Sunday, 30 April 2017
How the War Loss Claims Can Reveal Details About the War
An Examination of War Loss Claims near Queenston
during the American Occupation from July 9th to 12th, 1814
Copyright by Fred Blair, April 30, 2017
This is an examination of how the Americans were interacting with the Upper Canadians after their army advanced into the area around the Hamlet of Queenston on July 9, 1814. The Battle of Chippawa had taken place on July 5th and the British army had gradually retreated to Fort George, which they abandoned on July 15th.
Although the Americans had occupied the Niagara Frontier in 1813 and had promised to protect the private property of the Upper Canadians still living there, a number of events such as supplies being impressed, looting, the burning of property, and the burning of Town of Niagara when they left the frontier in December, had shown the residents that the Americans could not be relied upon to keep their promises.
According to historian Donald E. Graves, about July 9th, Major General Jacob Brown’s army camped in and about the Hamlet of Queenston with Porter’s New York Militia camped on the heights where they could see all the way to Fort George. While Brown awaited the arrival of the American fleet on Lake Ontario, more reinforcements arrived daily. Patrols were sent out regularly to acquire information and prevent the American position being surprised by a possible British advance. Brown had forbidden the destruction or looting of private property but offences were committed, particularly by the Canadian Volunteers and the American Native allies. By July 12th, Brown had to re-issue his order against harassing the local Canadians. His patrols were being ambushed, sentries were disappearing, and the Americans were not safe outside their camps.
A number of war loss claims were made after the war by the Upper Canadians in the Queenston area for losses that occurred from July 9th to 12th. I have examined twenty-four of these claims during this four-day period. Only three of the losses occurred on the 12th, so General Brown’s second order may have had some effect. There were a number of claims that may have been for this same event that could not be used here because the dates or places of the event were not recorded in the claims.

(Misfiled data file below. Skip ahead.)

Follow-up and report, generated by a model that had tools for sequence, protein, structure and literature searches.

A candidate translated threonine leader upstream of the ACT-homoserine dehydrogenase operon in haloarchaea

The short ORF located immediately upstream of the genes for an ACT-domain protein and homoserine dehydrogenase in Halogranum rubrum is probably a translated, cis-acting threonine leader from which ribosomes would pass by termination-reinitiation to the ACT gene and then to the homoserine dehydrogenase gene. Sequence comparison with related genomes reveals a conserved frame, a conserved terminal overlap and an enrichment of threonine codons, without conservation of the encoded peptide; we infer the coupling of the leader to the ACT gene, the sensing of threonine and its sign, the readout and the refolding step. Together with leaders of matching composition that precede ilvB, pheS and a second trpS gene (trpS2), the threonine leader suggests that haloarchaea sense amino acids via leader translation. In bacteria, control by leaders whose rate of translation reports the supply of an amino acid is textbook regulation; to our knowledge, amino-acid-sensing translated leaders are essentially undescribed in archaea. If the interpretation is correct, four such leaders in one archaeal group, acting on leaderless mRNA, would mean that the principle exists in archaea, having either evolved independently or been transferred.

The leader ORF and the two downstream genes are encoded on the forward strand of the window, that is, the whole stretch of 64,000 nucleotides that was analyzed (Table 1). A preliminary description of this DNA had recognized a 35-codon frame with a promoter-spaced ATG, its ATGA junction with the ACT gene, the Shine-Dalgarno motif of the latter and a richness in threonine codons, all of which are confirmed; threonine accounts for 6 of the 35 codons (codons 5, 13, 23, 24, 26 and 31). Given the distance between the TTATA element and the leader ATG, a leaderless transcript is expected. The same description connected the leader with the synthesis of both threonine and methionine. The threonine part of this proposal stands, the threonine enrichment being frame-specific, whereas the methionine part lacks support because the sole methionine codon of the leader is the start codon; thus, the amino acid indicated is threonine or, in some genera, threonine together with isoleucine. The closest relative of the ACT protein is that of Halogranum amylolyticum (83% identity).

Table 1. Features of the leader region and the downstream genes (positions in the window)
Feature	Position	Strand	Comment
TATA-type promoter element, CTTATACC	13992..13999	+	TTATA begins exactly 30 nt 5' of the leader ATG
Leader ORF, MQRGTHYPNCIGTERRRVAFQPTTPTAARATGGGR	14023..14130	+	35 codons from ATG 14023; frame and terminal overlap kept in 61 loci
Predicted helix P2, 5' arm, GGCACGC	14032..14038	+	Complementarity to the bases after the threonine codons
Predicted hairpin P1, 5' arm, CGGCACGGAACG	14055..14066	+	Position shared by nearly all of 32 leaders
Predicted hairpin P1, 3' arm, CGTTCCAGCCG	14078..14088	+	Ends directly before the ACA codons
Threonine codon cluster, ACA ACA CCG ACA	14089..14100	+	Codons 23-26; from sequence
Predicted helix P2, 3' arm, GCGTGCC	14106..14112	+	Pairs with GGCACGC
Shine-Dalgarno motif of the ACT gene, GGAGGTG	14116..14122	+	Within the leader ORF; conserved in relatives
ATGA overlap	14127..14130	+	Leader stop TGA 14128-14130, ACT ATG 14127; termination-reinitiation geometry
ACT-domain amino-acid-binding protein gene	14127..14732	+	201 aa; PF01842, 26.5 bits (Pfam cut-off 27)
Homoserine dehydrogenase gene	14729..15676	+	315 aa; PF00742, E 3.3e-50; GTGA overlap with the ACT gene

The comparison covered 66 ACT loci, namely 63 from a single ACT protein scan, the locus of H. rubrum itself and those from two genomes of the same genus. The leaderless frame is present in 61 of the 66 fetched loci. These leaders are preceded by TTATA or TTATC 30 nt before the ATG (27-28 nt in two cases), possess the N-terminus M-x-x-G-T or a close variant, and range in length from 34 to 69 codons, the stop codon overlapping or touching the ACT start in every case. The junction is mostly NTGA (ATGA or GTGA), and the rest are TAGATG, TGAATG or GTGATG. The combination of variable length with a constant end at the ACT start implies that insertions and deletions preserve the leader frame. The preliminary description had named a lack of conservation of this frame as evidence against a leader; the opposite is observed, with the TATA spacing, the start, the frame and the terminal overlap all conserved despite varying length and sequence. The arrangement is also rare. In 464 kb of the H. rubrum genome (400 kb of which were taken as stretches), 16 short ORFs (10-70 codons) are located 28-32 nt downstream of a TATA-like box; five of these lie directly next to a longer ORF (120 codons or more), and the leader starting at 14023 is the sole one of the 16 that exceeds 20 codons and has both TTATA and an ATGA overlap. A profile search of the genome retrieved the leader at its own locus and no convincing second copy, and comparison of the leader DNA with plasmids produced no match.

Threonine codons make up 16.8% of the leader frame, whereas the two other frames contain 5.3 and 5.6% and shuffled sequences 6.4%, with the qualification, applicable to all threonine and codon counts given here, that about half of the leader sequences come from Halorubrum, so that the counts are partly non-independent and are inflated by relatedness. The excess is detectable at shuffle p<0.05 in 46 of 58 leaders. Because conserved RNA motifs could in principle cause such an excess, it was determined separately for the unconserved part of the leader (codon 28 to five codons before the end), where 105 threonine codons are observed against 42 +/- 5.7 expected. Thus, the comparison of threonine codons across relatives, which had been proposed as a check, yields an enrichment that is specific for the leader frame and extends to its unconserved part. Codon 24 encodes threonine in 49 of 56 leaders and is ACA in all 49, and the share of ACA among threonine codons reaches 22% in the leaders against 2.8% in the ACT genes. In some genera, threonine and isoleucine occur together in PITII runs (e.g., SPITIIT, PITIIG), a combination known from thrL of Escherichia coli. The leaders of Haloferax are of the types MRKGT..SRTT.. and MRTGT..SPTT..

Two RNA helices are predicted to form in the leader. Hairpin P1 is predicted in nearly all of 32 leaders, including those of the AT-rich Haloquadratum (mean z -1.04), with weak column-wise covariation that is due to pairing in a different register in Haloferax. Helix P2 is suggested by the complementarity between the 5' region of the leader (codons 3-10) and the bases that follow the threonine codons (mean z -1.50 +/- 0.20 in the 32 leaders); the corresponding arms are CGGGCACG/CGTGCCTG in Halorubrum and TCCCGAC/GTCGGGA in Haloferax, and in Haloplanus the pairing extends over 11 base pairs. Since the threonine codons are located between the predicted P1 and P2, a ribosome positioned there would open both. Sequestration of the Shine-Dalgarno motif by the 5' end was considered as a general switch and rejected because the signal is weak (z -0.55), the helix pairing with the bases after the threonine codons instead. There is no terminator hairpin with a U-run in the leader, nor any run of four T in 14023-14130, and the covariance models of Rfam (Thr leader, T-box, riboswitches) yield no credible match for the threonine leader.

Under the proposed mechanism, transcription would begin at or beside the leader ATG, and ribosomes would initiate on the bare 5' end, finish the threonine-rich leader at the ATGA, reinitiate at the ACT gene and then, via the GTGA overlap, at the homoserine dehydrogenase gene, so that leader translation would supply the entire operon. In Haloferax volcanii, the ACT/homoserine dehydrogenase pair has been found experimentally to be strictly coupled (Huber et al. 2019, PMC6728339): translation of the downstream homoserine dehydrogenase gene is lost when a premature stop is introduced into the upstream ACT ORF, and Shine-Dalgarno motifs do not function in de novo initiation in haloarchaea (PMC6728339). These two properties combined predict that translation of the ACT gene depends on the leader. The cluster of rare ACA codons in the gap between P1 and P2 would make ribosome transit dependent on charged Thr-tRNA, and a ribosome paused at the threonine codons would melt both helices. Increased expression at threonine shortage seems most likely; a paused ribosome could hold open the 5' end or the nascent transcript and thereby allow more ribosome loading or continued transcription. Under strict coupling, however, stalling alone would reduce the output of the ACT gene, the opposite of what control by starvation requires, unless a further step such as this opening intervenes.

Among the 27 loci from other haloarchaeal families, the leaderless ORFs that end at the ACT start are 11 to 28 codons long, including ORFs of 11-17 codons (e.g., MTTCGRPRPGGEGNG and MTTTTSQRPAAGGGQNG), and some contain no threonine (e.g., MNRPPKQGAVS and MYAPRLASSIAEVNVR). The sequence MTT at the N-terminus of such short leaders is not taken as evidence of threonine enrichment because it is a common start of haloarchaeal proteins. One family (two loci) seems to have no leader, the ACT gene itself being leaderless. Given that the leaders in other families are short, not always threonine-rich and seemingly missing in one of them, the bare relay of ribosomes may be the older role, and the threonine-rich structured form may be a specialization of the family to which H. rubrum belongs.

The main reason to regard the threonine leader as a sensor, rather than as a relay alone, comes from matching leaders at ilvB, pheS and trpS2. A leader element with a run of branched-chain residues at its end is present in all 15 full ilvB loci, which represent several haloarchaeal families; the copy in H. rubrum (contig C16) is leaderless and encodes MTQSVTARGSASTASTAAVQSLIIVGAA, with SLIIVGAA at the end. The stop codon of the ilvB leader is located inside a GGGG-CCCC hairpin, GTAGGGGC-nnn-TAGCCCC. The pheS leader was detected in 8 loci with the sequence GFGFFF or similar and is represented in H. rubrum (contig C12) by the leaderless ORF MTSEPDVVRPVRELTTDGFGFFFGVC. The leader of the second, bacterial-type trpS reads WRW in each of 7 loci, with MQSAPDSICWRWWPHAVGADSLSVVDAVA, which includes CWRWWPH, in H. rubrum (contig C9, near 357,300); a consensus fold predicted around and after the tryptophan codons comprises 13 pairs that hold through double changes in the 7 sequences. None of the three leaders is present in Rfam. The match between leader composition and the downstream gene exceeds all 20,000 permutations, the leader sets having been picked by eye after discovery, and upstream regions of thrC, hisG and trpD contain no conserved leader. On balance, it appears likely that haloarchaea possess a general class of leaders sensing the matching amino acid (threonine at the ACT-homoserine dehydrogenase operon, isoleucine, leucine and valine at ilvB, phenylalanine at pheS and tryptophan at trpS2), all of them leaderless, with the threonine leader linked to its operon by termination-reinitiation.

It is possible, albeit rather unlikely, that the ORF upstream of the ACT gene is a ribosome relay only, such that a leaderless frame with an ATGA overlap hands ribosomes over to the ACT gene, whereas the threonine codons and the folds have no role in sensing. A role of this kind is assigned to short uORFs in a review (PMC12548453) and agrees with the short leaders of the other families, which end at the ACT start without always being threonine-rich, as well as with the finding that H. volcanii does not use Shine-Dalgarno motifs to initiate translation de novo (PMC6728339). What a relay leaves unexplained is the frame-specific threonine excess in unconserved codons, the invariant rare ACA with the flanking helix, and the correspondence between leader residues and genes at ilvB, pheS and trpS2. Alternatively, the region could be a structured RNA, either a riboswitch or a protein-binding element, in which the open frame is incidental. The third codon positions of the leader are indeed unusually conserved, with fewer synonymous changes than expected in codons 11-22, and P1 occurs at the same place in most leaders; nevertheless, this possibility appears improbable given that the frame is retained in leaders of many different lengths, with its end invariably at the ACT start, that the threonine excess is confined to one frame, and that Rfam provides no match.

Losses included a number of items which could be generally categorized as horses, livestock, supplies, and plunder. A number of residents reported that the losses occurred at their homes or in their fields and not by happenstance on the roadways. There was an intent to loot. Eighteen of the claims were made by residents of Stamford Township where the Hamlet of Queenston was located. It was not always clear whether the looters were scavengers or men on official patrols. The six losses that occurred outside the township were more likely the result of American mounted patrols then the encamped men.
How had the Americans treated the claimants during these four days? The first loss category was horses. Twenty-eight horses were taken from twenty of the residents. Most horses were taken on July 10th and 11th. The Americans appeared to need horses for riding rather than for wagon teams as only one wagon was taken. The horses were therefore probably being used for patrols or to supply officers with horses that had not been brought across the river. The Americans were encamped and did not at this time need to transport supplies far in wagons.
Robert Thompson of Stamford Township had a receipt for his horses that was signed by Brigadier General Swift. This suggested that some of the horses were being impressed and not stolen but some horses were also taken by Native Americans and were more likely stolen, as were horses taken from the fields. In nine of the claims the horses were the only loss. In only three claims were the losses reported to be by Native Americans.